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312018Volume 31, Issue3March 2018

Presidential Column

Suparna Rajaram
Suparna Rajaram
Stony Brook University, The State University of New York
APS President 2017 - 2018
All columns

In this Issue:
On Collaborations: The Opportunities

About the Observer

The Observer is the online magazine of the Association for Psychological Science and covers matters affecting the research, academic, and applied disciplines of psychology. The magazine reports on issues of interest to psychologist scientists worldwide and disseminates information about the activities, policies, and scientific values of APS.

APS members receive a monthly Observer newsletter that covers the latest content in the magazine. Members also may access the online archive of Observer articles going back to 1988.

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  • Thumbnail Image for Disaster Response and Recovery

    Disaster Response and Recovery

    Disasters like Hurricane Florence and Typhoon Mangkhut draw massive media coverage, trauma interventions, and financial donations to victims. But psychological research shows the efforts don’t always yield the intended benefits.


  • In his editorial for the opening issue of APS’s newest journal, Editor Daniel J. Simons discusses the unique role the publication will serve in making advances in scientific methods and practices accessible to a broad audience.

  • A large international network of laboratories aims to combine resources and accumulate reliable and generalizable evidence in psychological science.

  • Could replicability issues in psychological science stem in part from problems with measurement? Two scientists explain why strong methods cannot save research from weak measures.

Up Front

  • On Collaborations: The Opportunities

    No matter what accomplishments you make, somebody helped you. -Althea Gibson, 11-time Grand Slam Champion That brings me to the practice of science, and my conversations in these columns with early investigators in particular. There is an important tension when collaborating in teams to leverage greater resources — intellectual and material on the one hand, and establishing one’s individual identity and contributions on the other. How do you navigate these competing goals across the span of your career, especially if you are just starting out?In sports, collaborations are indispensable.

More From This Issue

  • 2018 APS Mentor Awards

    The APS Mentor Award recognizes psychology researchers and educators who have made an extraordinary effort to shape the future of the discipline by influencing the career paths of the next generation of scientists. Three psychological scientists have been selected to receive the 2018 APS Mentor Award. Beyond their personal contributions to our understanding of memory, emotion, and learning, these educators’ unique commitments to their students will continue to shape the field of psychological science for decades to come.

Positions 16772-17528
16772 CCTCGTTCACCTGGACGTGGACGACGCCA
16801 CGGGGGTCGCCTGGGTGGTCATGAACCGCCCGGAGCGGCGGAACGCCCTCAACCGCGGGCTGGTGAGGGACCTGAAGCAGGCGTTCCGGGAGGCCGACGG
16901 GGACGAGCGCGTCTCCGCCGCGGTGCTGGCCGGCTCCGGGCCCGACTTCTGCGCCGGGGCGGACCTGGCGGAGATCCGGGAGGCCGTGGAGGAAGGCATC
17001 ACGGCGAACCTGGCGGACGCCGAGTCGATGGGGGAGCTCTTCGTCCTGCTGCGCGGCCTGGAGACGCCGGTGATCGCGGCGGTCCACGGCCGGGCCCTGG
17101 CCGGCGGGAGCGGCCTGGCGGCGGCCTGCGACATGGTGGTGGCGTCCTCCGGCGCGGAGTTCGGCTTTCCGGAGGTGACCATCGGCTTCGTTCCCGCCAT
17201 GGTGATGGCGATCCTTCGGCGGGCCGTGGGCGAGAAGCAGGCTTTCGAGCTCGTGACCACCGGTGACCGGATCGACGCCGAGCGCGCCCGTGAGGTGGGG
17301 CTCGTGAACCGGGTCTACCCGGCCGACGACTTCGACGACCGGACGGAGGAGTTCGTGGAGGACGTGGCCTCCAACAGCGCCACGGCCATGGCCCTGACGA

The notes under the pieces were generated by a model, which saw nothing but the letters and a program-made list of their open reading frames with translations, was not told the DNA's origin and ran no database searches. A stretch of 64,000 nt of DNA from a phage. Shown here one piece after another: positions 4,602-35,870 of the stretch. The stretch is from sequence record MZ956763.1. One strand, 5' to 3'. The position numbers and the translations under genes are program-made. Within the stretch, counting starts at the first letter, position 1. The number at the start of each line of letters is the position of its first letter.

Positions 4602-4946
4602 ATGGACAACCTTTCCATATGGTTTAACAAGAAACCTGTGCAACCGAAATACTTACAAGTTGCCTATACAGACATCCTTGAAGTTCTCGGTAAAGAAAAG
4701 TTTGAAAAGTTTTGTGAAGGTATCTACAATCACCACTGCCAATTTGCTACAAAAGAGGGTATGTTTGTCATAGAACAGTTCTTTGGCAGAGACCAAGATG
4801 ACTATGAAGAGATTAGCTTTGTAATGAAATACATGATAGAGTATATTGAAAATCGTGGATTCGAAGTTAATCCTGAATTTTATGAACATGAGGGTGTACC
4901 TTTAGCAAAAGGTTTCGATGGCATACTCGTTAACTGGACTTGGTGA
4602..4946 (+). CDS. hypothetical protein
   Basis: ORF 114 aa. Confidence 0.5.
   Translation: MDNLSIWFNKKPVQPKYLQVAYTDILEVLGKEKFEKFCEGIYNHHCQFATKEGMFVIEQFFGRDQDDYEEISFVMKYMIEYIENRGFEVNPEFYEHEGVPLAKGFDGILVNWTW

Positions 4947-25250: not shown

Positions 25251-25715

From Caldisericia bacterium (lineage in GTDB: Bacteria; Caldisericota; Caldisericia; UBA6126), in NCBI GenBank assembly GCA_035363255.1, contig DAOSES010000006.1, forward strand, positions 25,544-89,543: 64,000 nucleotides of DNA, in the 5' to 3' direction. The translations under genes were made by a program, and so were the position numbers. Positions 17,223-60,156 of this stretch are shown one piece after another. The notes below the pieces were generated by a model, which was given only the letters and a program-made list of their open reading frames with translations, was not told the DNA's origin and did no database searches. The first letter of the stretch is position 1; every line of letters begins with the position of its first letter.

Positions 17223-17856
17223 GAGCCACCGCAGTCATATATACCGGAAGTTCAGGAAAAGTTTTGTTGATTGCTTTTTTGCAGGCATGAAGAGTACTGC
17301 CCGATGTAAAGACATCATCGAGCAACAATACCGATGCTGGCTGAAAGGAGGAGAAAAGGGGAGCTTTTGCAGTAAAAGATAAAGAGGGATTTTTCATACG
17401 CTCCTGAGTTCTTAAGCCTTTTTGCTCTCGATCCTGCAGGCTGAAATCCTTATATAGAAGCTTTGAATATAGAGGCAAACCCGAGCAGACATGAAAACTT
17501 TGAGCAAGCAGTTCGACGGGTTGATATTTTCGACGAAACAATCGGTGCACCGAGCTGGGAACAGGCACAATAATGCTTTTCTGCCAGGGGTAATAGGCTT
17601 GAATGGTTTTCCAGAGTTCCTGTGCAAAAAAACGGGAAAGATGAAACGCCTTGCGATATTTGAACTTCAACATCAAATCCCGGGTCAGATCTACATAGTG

• AMPPS Makes Its Entrance

    The first issue of APS’s newest journal Advances in Methods and Practices in Psychological Science (AMPPS) debuts this month. This one-of-a-kind journal publishes new types of empirical work and articles and tutorials that reflect the various approaches to research across the field. The journal’s editorial scope encompasses the breadth of psychological science, with editors, reviewers, and articles representing a balance among diverse disciplinary perspectives and methodological approaches. Many of the articles are already online. In his editorial for the opening issue, AMPPS Editor Daniel J.

  • Run All the Models! Dealing With Data Analytic Flexibility

    Imagine you are trying to figure out whether the personality traits of firstborns systematically differ from those of younger siblings. You set about planning your analyses, a seemingly straightforward task that quickly raises a multitude of questions. Is there any need to control for third variables? How do you handle the fact that the number of siblings varies? What exactly does “firstborn” mean when some people have half- or step-siblings? And what about the age gaps between siblings — does it make a difference if the firstborn is barely a year older than the younger sibling compared with siblings who are separated by a gap of 10 years?

  • The Psychological Science Accelerator

    The goal of psychological science is to generate reliable and generalizable knowledge about human thought and behavior. Researchers have traditionally conducted studies in independent, localized teams, which often result in relatively small samples collected at a single site. While this traditional approach has been quite effective for understanding some aspects of human psychology, it is often akin to stargazers trying to detect distant astronomical objects with weakly powered telescopes (e.g., Simonsohn, 2015) due to limited resources and access to participants.

  • Measurement Matters